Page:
• Score: 1

9:26am Tue 1 Jul 14

Morpheus says...

A lot of people here seem to be happy to go back to collecting wood for heating and making candles for light. If they could explain what they think will happen to our standard of living if we do not have energy I might be interested in listening to what they have to say.
A lot of people here seem to be happy to go back to collecting wood for heating and making candles for light. If they could explain what they think will happen to our standard of living if we do not have energy I might be interested in listening to what they have to say. Morpheus
  • Score: -1

10:14am Tue 1 Jul 14

Dontfrackmyfuture says...

Morpheus- Maybe you are not aware that fossil fuels are a finite resource?
They might last our life times, possibly my daughters, but probably not her children's..... To reduce the discussion to a choice between camping or fracking is a waste of everyone's time.
Morpheus- Maybe you are not aware that fossil fuels are a finite resource? They might last our life times, possibly my daughters, but probably not her children's..... To reduce the discussion to a choice between camping or fracking is a waste of everyone's time. Dontfrackmyfuture
  • Score: 1

7:50pm Tue 1 Jul 14

etarre says...

And there are campaigners like myself that do not want it locally because of health risks, nor nationally because we need to change our energy mix to move towards renewables.

The visual impact of the development of fracking in Sussex would be huge. To extract an economically significant amount of gas, thousands of 'frack pads' with tens of wells would have to be drilled. Combined with pipelines, compressor stations, new roads built to these sites and vehicle traffic, this would result in an alteration of the very character of the Sussex landscape.

It is not safe. The US government has admitted that 4 states have confirmed cases of water contamination, with thousands of individual cases.

How can you guarantee that cement poured thousands of feet down a well and then horizontally will be perfectly sealed with no cracks? How can you guarantee it will not then crack or fault with the subsequent explosion and cracking of the rock around it? You cannot. In fact,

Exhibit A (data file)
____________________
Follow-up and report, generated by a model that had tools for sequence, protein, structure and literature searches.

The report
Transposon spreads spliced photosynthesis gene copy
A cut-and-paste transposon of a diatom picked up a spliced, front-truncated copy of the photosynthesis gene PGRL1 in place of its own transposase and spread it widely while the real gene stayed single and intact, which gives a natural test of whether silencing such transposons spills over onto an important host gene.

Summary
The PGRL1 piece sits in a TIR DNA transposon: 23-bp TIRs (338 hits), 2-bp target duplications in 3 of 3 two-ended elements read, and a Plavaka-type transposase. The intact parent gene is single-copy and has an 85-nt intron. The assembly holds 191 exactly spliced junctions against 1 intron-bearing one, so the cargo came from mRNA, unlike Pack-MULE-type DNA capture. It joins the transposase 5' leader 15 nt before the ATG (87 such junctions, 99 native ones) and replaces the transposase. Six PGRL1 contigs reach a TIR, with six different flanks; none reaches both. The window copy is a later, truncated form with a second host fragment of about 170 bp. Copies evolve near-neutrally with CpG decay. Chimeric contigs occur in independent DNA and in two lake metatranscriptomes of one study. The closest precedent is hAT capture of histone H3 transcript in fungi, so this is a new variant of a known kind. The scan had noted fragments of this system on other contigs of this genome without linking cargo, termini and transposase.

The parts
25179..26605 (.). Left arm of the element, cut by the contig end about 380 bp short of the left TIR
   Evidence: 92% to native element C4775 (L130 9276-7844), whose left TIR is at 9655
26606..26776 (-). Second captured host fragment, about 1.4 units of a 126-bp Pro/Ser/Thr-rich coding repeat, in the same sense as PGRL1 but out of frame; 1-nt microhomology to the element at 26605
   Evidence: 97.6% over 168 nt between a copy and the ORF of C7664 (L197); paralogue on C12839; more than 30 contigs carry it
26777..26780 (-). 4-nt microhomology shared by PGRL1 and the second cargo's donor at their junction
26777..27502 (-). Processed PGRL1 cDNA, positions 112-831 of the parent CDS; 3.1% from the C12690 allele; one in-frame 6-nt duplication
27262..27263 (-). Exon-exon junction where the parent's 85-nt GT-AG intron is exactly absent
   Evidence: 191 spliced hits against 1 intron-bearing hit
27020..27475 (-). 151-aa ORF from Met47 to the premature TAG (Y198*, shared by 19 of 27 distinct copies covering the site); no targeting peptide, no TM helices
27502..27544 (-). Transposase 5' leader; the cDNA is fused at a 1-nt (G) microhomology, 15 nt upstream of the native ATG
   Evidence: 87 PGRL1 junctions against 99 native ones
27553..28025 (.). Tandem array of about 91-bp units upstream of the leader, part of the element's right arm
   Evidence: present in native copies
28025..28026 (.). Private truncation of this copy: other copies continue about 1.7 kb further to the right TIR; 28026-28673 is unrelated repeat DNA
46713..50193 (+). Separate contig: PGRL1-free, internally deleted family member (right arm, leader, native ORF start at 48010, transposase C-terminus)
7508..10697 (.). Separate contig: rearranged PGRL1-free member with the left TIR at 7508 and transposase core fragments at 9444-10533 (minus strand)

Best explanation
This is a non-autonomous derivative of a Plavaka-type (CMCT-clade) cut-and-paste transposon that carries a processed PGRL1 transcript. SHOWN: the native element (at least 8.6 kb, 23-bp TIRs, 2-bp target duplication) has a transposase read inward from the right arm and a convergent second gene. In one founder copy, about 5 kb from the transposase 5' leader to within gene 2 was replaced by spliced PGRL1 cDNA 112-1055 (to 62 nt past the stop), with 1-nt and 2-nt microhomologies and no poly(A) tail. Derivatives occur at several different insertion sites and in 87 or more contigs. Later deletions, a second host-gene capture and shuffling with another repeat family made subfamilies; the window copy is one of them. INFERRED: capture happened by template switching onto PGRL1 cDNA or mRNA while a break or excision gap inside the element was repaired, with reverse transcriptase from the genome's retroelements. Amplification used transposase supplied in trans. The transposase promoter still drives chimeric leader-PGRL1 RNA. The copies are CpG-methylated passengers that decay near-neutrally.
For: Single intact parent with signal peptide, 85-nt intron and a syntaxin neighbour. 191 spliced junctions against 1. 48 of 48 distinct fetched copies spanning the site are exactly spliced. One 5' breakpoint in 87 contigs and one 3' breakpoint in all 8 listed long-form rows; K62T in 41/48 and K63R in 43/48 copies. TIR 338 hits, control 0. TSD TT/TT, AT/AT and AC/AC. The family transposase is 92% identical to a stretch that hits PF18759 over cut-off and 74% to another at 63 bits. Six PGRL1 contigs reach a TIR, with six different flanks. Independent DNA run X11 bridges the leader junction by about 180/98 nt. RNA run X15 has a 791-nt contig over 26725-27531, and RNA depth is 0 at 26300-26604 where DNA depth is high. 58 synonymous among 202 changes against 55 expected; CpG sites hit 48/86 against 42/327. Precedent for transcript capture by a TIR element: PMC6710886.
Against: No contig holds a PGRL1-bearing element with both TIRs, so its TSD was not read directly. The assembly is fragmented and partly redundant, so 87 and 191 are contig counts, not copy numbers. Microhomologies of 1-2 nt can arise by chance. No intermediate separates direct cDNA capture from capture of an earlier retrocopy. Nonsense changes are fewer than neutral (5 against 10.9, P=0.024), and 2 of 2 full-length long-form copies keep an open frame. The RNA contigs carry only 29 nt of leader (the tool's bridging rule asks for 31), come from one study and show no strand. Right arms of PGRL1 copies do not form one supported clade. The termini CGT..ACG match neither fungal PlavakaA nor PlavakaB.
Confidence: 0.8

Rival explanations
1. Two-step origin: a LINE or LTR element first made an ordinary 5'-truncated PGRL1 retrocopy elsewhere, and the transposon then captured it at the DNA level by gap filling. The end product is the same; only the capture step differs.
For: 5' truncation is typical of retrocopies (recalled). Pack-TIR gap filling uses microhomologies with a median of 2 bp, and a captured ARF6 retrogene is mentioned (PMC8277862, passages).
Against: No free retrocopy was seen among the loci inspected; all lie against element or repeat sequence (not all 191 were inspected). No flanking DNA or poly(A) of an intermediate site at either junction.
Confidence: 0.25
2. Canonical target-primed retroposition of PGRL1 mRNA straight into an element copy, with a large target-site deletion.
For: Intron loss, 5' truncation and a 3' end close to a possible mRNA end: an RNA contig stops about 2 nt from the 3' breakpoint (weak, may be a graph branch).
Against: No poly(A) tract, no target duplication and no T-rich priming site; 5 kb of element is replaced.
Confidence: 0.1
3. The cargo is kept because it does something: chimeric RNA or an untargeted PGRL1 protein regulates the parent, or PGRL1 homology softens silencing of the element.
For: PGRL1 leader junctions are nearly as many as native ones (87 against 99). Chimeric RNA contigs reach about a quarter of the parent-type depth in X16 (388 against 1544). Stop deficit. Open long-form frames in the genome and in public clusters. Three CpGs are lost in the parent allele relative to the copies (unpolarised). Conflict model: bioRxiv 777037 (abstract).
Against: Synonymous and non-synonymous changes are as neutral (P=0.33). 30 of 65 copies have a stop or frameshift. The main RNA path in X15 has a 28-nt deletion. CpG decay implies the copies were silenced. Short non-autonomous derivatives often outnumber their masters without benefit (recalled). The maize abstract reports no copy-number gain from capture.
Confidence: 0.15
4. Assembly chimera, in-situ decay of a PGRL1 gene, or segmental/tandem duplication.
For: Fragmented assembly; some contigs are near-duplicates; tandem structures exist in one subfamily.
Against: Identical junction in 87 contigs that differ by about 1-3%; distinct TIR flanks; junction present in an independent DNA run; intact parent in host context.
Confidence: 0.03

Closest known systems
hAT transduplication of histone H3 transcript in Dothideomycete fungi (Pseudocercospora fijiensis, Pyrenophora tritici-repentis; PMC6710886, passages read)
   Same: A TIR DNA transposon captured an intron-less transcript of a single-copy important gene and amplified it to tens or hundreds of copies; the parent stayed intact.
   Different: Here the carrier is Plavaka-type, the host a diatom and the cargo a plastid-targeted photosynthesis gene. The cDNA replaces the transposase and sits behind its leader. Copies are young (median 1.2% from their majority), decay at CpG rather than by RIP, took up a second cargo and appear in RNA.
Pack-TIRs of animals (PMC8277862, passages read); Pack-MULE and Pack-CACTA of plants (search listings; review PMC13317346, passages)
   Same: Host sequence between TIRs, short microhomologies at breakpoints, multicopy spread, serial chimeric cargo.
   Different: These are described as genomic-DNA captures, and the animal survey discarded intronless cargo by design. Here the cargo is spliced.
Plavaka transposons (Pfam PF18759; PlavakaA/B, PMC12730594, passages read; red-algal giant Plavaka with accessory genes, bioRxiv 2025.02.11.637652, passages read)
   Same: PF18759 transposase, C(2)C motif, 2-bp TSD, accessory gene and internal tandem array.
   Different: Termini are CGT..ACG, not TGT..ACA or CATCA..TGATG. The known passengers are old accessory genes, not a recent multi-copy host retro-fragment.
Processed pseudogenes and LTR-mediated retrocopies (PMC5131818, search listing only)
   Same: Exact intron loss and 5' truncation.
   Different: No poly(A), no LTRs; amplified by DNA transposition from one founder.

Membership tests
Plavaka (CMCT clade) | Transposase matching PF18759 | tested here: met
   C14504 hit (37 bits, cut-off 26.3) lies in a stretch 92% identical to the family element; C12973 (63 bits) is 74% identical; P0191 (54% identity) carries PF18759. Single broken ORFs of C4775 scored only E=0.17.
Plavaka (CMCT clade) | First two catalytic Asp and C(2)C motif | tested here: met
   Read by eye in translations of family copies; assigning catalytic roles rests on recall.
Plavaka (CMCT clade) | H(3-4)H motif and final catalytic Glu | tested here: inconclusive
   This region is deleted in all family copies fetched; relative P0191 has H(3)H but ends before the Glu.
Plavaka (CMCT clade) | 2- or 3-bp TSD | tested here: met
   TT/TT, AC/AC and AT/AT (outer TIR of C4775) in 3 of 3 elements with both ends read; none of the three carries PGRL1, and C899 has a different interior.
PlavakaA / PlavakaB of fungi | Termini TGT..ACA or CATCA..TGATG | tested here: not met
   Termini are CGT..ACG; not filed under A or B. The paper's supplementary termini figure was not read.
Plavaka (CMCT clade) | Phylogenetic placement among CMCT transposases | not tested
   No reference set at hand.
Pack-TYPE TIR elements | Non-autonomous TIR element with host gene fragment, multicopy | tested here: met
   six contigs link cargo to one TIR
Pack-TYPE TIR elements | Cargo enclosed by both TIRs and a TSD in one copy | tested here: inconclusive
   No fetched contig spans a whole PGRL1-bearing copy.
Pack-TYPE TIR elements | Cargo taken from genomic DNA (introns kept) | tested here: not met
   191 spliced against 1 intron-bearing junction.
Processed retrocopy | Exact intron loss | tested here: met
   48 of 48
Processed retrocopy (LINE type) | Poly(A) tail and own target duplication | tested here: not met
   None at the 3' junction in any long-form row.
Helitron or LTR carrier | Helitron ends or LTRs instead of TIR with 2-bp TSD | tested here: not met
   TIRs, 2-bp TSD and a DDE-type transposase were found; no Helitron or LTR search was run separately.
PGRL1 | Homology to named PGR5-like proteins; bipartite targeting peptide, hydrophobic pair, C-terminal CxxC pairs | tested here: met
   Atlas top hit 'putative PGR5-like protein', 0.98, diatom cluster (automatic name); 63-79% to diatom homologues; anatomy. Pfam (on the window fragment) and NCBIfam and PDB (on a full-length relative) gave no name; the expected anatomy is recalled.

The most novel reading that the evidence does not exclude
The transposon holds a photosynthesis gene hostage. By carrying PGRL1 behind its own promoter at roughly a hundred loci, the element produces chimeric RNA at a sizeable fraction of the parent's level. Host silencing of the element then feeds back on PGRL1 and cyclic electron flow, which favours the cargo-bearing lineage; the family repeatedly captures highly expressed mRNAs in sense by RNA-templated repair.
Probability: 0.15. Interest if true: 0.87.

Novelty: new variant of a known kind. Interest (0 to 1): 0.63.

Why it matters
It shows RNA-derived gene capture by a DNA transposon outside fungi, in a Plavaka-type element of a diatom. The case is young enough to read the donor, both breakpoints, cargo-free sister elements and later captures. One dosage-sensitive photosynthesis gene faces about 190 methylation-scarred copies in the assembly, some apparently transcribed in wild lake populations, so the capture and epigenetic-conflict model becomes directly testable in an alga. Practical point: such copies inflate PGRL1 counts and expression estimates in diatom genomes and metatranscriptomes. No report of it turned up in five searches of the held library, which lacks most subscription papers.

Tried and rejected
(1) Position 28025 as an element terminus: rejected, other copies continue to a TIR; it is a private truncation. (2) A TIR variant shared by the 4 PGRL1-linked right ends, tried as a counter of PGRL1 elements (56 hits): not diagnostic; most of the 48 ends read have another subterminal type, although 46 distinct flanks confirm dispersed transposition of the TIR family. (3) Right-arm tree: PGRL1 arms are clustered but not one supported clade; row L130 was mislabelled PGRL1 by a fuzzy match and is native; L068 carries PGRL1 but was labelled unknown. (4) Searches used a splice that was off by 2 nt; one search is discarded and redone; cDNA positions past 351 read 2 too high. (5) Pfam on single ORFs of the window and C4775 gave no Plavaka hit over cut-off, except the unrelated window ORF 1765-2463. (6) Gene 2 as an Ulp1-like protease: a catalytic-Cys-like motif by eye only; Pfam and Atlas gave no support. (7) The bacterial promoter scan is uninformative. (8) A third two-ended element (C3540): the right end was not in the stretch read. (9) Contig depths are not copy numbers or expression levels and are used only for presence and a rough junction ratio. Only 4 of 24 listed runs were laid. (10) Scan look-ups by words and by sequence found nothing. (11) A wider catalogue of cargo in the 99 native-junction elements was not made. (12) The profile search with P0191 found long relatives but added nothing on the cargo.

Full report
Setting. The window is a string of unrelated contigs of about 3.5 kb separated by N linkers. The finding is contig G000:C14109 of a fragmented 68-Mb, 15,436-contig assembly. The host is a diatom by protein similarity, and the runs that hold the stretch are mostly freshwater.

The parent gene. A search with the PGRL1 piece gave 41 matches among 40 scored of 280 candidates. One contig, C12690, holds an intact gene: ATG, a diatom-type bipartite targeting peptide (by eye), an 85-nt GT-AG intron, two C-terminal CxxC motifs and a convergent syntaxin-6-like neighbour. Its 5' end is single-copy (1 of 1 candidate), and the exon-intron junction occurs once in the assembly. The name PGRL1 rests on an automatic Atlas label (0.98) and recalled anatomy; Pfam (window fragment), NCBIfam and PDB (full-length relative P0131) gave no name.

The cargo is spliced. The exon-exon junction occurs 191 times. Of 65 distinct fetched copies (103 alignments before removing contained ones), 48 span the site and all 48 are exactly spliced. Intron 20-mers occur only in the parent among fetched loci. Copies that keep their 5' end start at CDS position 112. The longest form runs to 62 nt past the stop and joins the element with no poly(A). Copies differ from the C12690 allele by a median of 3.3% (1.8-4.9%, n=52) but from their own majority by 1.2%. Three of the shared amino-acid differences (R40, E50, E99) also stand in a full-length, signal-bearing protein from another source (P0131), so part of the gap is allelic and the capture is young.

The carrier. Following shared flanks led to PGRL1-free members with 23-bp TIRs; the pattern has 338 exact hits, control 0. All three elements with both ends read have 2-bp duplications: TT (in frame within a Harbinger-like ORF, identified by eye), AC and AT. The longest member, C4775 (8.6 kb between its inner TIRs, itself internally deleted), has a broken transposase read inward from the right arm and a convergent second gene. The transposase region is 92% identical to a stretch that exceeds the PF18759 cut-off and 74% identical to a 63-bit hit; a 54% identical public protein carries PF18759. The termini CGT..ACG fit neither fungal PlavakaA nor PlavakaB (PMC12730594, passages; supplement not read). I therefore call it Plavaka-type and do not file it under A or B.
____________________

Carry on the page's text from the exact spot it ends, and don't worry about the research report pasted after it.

industry figures have shown 1 in 6 wells leak immediately.

250 New York health professionals and organisations put their names to an open letter saying the health risks associated with fracking were too large for it to be pursued in New York state. New York state has since upheld its 5 year moratorium on fracking.

We do not even have any appropriate regulation for this new industry - there is not a regulatory framework for onshore unconventional oil and gas in this country. And yet this year the government wants to put 60% of the country up for licensing! With cuts to the environment agency, I am very worried about the gung-ho approach of this government to fracking, when it has been banned in France and other countries are opposed to pursuing it.
And there are campaigners like myself that do not want it locally because of health risks, nor nationally because we need to change our energy mix to move towards renewables. The visual impact of the development of fracking in Sussex would be huge. To extract an economically significant amount of gas, thousands of 'frack pads' with tens of wells would have to be drilled. Combined with pipelines, compressor stations, new roads built to these sites and vehicle traffic, this would result in an alteration of the very character of the Sussex landscape. It is not safe. The US government has admitted that 4 states have confirmed cases of water contamination, with thousands of individual cases. How can you guarantee that cement poured thousands of feet down a well and then horizontally will be perfectly sealed with no cracks? How can you guarantee it will not then crack or fault with the subsequent explosion and cracking of the rock around it? You cannot. In fact, industry figures have shown 1 in 6 wells leak immediately. 250 New York health professionals and organisations put their names to an open letter saying the health risks associated with fracking were too large for it to be pursued in New York state. New York state has since upheld its 5 year moratorium on fracking. We do not even have any appropriate regulation for this new industry - there is not a regulatory framework for onshore unconventional oil and gas in this country. And yet this year the government wants to put 60% of the country up for licensing! With cuts to the environment agency, I am very worried about the gung-ho approach of this government to fracking, when it has been banned in France and other countries are opposed to pursuing it. etarre
  • Score: 1